Does the planning system affect housing prices? Theory and with evidence from Hong Kong

Chi Man Hui, Vivian Sze mun Ho

Research output: Journal article publicationJournal articleAcademic researchpeer-review

37 Citations (Scopus)


Hong Kong has been faced with property market ups and downs for many reasons over the past 10 years or so. It once experienced shortages of housing supply, leading to prolonged escalating prices. This was followed by a downturn of housing prices since the end of 1997 and in the wake of the financial turmoil in Asia. Hong Kong people have been very concerned with the housing market situation, particularly housing prices, and consider that the problem needs to be addressed to prevent its recurrence in the future. The Hong Kong government uses its land-use planning system to address this "market failure". Also, such a system imposes constraints on land supply and development, through various means by altering the supply of housing land. As a result, the residential property has been affected, and so is the housing price. This paper attempts to explore the impact of the land-use planning system (and land supply) on housing prices in the territory. It starts with the preliminary introduction of the planning system and a review on the previous literature on the impact of land-use planning system on housing prices in Hong Kong. An analytical model is established, followed by the discussion of the empirical findings of the impacts of the land-use regulation on land supply, housing supply and housing prices in the territory. The results in Section 7 show that the planning indicators: (i) the approval rates of planning applications; (ii) the residential floor area under planning applications; and (iii) the area of greenbelt and open space zones, have significant impact on housing prices.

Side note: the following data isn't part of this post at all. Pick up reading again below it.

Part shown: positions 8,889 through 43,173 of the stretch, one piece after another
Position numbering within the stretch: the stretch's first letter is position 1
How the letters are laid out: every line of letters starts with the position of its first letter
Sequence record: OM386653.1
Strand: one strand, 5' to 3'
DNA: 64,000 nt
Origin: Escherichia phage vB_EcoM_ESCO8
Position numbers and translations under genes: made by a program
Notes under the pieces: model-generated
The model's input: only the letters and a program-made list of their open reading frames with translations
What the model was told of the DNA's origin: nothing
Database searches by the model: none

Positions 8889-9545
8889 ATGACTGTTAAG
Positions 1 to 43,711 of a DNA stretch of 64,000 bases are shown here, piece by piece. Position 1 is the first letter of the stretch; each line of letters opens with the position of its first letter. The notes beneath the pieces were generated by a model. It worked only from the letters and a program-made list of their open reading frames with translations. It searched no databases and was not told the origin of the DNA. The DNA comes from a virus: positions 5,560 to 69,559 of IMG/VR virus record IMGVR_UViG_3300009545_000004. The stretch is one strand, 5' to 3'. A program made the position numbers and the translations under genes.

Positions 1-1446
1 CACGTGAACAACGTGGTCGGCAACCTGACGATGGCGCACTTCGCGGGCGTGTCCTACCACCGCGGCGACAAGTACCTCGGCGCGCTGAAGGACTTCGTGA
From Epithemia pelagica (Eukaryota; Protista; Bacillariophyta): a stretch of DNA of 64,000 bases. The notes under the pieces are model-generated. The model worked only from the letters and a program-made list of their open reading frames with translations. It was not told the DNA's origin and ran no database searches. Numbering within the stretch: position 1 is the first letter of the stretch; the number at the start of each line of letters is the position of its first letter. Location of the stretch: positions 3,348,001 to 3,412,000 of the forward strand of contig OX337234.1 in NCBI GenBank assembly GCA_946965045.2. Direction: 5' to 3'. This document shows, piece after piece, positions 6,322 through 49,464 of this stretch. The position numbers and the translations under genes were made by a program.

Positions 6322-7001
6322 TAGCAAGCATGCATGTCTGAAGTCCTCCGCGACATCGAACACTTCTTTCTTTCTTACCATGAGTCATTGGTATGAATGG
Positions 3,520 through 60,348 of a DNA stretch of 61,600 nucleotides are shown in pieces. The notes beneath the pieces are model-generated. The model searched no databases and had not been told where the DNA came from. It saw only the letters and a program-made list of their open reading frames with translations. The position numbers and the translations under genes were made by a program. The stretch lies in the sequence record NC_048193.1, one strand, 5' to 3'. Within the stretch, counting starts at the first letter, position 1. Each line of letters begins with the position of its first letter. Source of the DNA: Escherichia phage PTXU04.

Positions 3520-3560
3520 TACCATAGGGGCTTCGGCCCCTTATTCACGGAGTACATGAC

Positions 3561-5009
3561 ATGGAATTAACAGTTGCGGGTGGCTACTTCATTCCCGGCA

Original languageEnglish
Pages (from-to)339-359
Number of pages21
JournalHabitat International
Issue number3
Publication statusPublished - 1 Jan 2003


  • Housing prices
  • Housing supply
  • Land-use planning system
  • Planning applications

ASJC Scopus subject areas

  • Nature and Landscape Conservation


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